Your Kids Be Of Good Character?
By Gary Direnfeld M.S.W.
some point most parents think about the kind of person their child
will grow up to be. This is different from what they may do for
a living. This involves issues of integrity, honesty and caring
for others. Will your child grow up to be of good character?
answer to the question can be determined by examining parental behaviour
from very early on. As parents nurture their children and act in
their presence, they provide powerful lessons that will set the
tone for what kind of adults their children will turn out to be.
key ingredients can go a long way to developing your child to be
of good character:
Helping them to take responsibility for their actions;
Helping them to participate in doing good deeds.
two-year-old Jacob spills his juice, the parent has several choices
in how to respond. Jacob can be scolded; ignored; helped to clean
up the mess or the parent can clean it up alone. Each response carries
its own message to Jacob. Scolding is upsetting in itself and teaches
Jacob to avoid getting caught. Ignoring suggests the spilled juice
doesnt matter and the behaviour can be repeated. The parent
cleaning up for Jacob suggests Jacob has no responsibility what-so-ever
for his actions and thus he can do as he pleases. Finally, the parent
engaging Jacob in the cleaning process without scolding suggests
there is a natural consequence to behaviour and he must assume some
responsibility for restoring or repairing the situation.
Jacob is four-years-of-age and he aggressively takes a toy from
another child, again the parent has choices in how to respond. However,
if the parent explains to Jacob how he hurt the other childs
feelings, has him apologize, return the toy and then negotiate sharing,
Jacob learns the impact of his behaviour on others, restitution
and then negotiation.
upon these experiences, when six-year-old Jacob breaks a window
playing ball, you have increased the likelihood that Jacob will
return to you on his own to report the accident and seek your help
to clean the mess and correct the situation. He will have learned
that you are caring, reasonable and responsible and he will be following
the behaviour you modeled and taught him. He will act less with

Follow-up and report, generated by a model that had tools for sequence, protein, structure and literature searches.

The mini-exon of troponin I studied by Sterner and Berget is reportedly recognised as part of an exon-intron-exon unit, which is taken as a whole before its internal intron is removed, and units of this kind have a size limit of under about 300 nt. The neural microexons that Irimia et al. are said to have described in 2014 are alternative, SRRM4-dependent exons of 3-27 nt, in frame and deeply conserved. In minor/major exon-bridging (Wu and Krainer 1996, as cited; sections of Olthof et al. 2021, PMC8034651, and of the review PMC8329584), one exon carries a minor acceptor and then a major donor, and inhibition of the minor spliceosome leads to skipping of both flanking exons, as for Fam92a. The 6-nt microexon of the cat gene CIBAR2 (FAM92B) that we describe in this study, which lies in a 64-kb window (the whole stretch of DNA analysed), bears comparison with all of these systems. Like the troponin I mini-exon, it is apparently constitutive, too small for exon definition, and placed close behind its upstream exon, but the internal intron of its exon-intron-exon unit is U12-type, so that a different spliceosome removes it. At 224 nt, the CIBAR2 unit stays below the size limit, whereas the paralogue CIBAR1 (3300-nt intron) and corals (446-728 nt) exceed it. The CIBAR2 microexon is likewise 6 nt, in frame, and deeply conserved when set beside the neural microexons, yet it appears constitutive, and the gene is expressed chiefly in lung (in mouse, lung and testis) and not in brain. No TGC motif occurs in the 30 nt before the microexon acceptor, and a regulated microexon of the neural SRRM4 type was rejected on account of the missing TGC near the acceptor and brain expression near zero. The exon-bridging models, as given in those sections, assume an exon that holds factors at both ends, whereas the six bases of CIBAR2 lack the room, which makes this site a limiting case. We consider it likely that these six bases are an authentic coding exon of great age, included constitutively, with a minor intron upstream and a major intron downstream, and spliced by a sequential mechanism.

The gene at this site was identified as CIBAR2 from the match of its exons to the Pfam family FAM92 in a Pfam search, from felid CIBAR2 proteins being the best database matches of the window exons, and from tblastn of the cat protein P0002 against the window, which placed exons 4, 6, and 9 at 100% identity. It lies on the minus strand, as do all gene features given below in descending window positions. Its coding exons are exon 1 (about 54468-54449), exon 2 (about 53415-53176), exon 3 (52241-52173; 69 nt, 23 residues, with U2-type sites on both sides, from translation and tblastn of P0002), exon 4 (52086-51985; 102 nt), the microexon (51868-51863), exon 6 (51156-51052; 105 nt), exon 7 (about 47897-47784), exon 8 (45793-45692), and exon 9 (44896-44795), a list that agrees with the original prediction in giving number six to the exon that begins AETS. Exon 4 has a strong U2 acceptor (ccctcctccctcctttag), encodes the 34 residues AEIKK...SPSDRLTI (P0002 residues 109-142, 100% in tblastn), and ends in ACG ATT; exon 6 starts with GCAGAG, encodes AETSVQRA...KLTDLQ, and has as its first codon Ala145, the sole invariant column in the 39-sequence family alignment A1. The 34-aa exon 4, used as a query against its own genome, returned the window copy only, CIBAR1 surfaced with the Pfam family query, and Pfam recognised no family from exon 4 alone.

a concern of punishment and fear and more with a concern for caring
further their childrens good character, parents are advised
to encourage their children to join them in practicing good
deeds. A good deed is when someone does something for someone
else without being asked or without expecting anything in return.
We teach children about good deeds by their observing our good deeds.
We also teach about good deeds when we ask our children to help
out, with only providing our thanks in return. Our thanks can of
course include expressions of affection!
good deeds, children learn that the world doesnt just revolve
around them, but includes other who may benefit from our help. At
first the reward may come from our praise, but as the child ages,
they learn to derive satisfaction themselves from helping others.
Children can help clear the table, help the neighbour with the yard,
share a toy and join us when we do our volunteer work.
of good character doesnt need to happen by chance. Parental
behaviour that encourages children to take responsibility for their
actions, correct situations and practice good deeds can go a long
way to assuring kids grow up to be of good character.
Direnfeld M.S.W. is a social worker in Canada. Courts in Ontario,
Canada, consider him an expert on child development, parent-child
relations, marital and family therapy, custody and access recommendations,
social work and an expert for the purpose of giving a critique on
a Section 112 (social work) report. His services include counselling,
mediation, assessment and assessment critiques. For information
on Direnfeld's book, Raising Kids Without Raising Cane,